Tuesday, August 13, 2019

How did the world media present Japan's recent tragediesWhat lessons Essay

How did the world media present Japan's recent tragediesWhat lessons has Fukushima taught us about the Nuclear Age - Essay Example In the context of the nuclear reactor blast at Fukushima, the media certainly had two options at its disposal. Either they could have used this disaster to enhance the public awareness regarding radiation and the hazards of Nuclear energy, or they could have cashed on this opportunity to augment their viewership and readers. As these two objectives were contrary to each other, so sadly speaking, a big chunk of the media coverage was predominantly and in case of some channels, was exclusively dedicated to shooting up the existing viewership. This was more than true in case of the Asian media companies. Many a times the media tried to hype every big and small incident related to radiation leakage. Some of them even went ahead to compare the magnitude of Fukushima blast with the Chernobyl disaster in a sensational and gripping tone. This was certainly a sorry trend on the part of media, when in this age of connectivity; it had access to all the relevant facts. Luckily speaking, some med ia houses do succeeded in using the Fukushima disaster to educate the masses about the hazards of nuclear energy and to nudge the competent stakeholders to do something to avoid such tragedies in the future. Not to say, NHK, that happens to be Japan’s national broadcaster, was conclusively a voice of poise and calm amidst this catastrophe. The other thing was that this line of approach on the part of the world media died down after a few days when it realized that the alarming and sensational coverage of this human catastrophe could not be sustained for long. It was only then that the media started to focus on the plight of the people who suffered from Tsunami and Fukushima blast. Fukushima blast is a disaster that would not only find a place in the annals of history, but is also a phenomenon that left many lessons for the contemporary generations. The first and foremost lesson of this tragedy is that the modern economies running on electricity do need a reliable backup arran gement (Inskeep: Online). One impact of the Fukushima was that it immediately led to a power shut in the customer businesses, localities and concerns. Not only this, in the absence of the power supply, the rescue workers were not able to do their work at an optimal level. The businesses and factories came down on their knees and the failure to restore power simply did not allow them to rescue and restart their operations in time. This not only jeopardized the Japanese economy, but also gravely affected the economy of the nations doing business with Japanese companies. So, in the future, the concerned experts should take care that there always exists a reliable backup to meet the situations posed by such disasters. The Fukushima disaster also forces the people and experts to rethink the viability and relevance of the national dependence on nuclear power (Boyle 12)). Though nuclear energy is a cost effective sources of power, it also do poses severe threats if the nuclear reactors are not prepared with a disaster plan for such eventualities (Inskeep: Online). The most important thing in a nuclear accident is the way the management responds to that accident. It was to a great extent a timely response by the Fukushima management that the situation was not allowed to uncontrollably escalate and deteriorate as it happened at Chernobyl. Still, the international community needs to give more teeth to the watchdogs like International Atomic Energy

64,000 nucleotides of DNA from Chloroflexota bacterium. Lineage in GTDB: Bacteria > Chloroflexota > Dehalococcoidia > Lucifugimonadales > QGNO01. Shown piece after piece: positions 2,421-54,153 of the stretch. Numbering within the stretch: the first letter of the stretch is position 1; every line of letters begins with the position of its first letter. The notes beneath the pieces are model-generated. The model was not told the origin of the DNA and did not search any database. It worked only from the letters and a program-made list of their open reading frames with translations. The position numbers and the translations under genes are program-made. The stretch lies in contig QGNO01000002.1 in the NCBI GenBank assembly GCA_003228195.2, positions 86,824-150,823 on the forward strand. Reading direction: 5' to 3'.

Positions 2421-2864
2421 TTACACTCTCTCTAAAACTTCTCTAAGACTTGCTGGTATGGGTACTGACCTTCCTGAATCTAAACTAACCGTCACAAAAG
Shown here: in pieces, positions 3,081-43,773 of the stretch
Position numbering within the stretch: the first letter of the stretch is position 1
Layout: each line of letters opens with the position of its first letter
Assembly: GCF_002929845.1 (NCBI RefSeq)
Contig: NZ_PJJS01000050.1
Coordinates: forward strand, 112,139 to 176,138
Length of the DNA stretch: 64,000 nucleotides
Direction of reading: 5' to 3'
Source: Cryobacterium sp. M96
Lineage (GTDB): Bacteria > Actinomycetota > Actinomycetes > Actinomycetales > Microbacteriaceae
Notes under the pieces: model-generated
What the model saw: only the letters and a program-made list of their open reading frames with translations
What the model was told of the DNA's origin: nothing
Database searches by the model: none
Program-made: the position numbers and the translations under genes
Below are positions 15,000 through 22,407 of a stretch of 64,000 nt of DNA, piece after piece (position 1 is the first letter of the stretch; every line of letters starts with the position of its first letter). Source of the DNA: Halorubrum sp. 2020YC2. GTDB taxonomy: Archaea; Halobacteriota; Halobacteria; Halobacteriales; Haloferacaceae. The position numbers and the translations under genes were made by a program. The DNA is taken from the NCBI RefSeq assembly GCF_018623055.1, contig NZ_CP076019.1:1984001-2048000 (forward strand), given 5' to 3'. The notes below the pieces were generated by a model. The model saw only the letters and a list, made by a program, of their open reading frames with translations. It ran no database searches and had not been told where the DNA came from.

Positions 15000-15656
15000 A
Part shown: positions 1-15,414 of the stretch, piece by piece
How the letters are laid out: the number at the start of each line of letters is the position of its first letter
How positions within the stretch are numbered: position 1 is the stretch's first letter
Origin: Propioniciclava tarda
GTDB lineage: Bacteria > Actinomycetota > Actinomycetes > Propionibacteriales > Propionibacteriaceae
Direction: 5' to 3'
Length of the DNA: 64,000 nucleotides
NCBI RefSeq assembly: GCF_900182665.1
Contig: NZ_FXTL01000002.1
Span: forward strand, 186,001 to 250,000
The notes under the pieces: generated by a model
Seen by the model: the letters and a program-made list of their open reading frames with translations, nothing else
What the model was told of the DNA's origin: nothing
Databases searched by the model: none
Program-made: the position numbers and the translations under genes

No comments:

Post a Comment

Note: Only a member of this blog may post a comment.